Where to learn more about sound synthesis
January 21, 2007 5:46 PM   Subscribe

Where do I start learning more about sound synthesis?

I have always wanted to be able to write music software or design musical toys. Unfortunately I always feel like I'm at the bottom of a cliff when it comes to navigating the complicated landscape of synthesis techniques. I don't even know where to start. Is there a good book for beginners on the topic, perhaps?

I'm specifically interested in the math bits, I guess. I'm a software engineer by trade so I think can handle the programming parts; it's the algorithms that confuse me.
posted by mkb to Technology (9 answers total) 14 users marked this as a favorite
I don't know of any books offhand but this Csound tutorial page might be useful.
posted by TwoWordReview at 5:55 PM on January 21, 2007

There's how to make a noise, which is about programming synths in the sense of designing patches for different types of synthesis (which seems like a prerequisite for actually designing synthesizers). If you haven't actually spent some time trying to program (in this sense) a semi-modular synth (such as zebra 2 or something) you may want to do that before getting into actually writing them.

Have you considered trying one of the modular synth design programs like reaktor, synthedit, or max/msp (well, this does much more than synth design), which provide a level of abstraction over common things you would do in audio-oriented DSP? Also in that line but free/open source are csounds, puredata, and supercollider. Basically all of these have large communities and libraries of code/patches available to look at, as well as tutorials (max/msp in particular seemed to have good dsp tutorials).

p.s. hi mkb...I used to know you from the dirtylist.
posted by advil at 6:07 PM on January 21, 2007

Tangential, but could be very helpful: Brian Eno: His Music and the Vertical Color of Sound [pdf ebook]
posted by Burhanistan at 6:24 PM on January 21, 2007

Ah, I had forgotten that SuperCollider had become open source! Wonderful.
posted by mkb at 6:30 PM on January 21, 2007

Computer Music - Charles Dodge
Noise, Water, Meat - Douglas Kahn
The Computer Music Tutorial - Curtis Roads
Any Sound You Can Imagine - Paul Theberge
Electric Sound - Joel Chadabe
posted by rhizome at 8:07 PM on January 21, 2007

I'd stay away from hardcore C coding at first, and stick with one of the environments focused on helping you make sound. I'm partial to max/msp myself, but pd or any of the other recommendations here so far should do you well. You want to learn about the principles of synthesis first, in an environment that encourages experimentation.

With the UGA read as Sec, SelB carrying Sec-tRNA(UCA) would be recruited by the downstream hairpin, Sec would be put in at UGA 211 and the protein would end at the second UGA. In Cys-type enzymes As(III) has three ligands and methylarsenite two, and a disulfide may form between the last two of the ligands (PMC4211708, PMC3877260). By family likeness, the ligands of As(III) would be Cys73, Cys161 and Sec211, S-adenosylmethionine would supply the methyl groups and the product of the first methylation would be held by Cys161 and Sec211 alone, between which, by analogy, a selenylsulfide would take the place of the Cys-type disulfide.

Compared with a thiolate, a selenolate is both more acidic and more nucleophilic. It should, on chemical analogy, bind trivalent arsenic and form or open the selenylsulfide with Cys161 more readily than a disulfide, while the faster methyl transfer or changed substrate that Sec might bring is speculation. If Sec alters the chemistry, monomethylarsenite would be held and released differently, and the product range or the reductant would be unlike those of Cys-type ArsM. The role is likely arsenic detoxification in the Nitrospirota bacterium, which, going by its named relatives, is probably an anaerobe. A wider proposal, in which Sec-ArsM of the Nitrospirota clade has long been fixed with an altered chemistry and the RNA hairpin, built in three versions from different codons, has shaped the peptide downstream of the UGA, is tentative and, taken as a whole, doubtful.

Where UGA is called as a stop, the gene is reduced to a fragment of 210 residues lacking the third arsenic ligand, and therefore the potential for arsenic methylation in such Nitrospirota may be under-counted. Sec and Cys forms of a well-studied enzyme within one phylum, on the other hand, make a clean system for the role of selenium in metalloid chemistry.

posted by mattly at 12:35 AM on January 22, 2007

Just yesterday, I stumbled upon Building Digital Instruments with jMusic. I haven't gone through it in detail yet because I wasn't actually looking for synth programming resources, but it appears to be a pretty good high-level overview that uses the jmusic API to cover the computational heavy lifting.

That said, I second MAX/MSP if you can afford it, and PD if you can't. As much as their paradigm sometimes causes me to pull out my hair in frustration, they're a good place to start playing with synthesis if you want to skip the crazy low-level C business.
posted by Alterscape at 4:12 AM on January 22, 2007

I've always been interested in this as well. I highly recommend the free online book by Miller Puckette (creator of Max/MSP and Puredata) The Theory and Technique of Electronic Music. The book contains numerous examples done in Puredata, which is both free and available on many platforms.

The book starts off with the basics, then goes through wavetable synthesis (whcih introduced me to some new ideas in synthesis even though I've been toying with synths for many years) and eventually has you building analog style synths. It also goes through the math behind the techniques, which many other texts gloss over.

Building things in Puredata or Max/MSP and then recreating those things in C/C++ seems to be the way a lot of people work. I believe the Korg KARMA software was developed this way and I've seen several references that most of the audio effects and instruments in Ableton Live were done this way (Robert Henke is supposedly quite adept at Max/MSP).
posted by metajack at 7:52 AM on January 22, 2007

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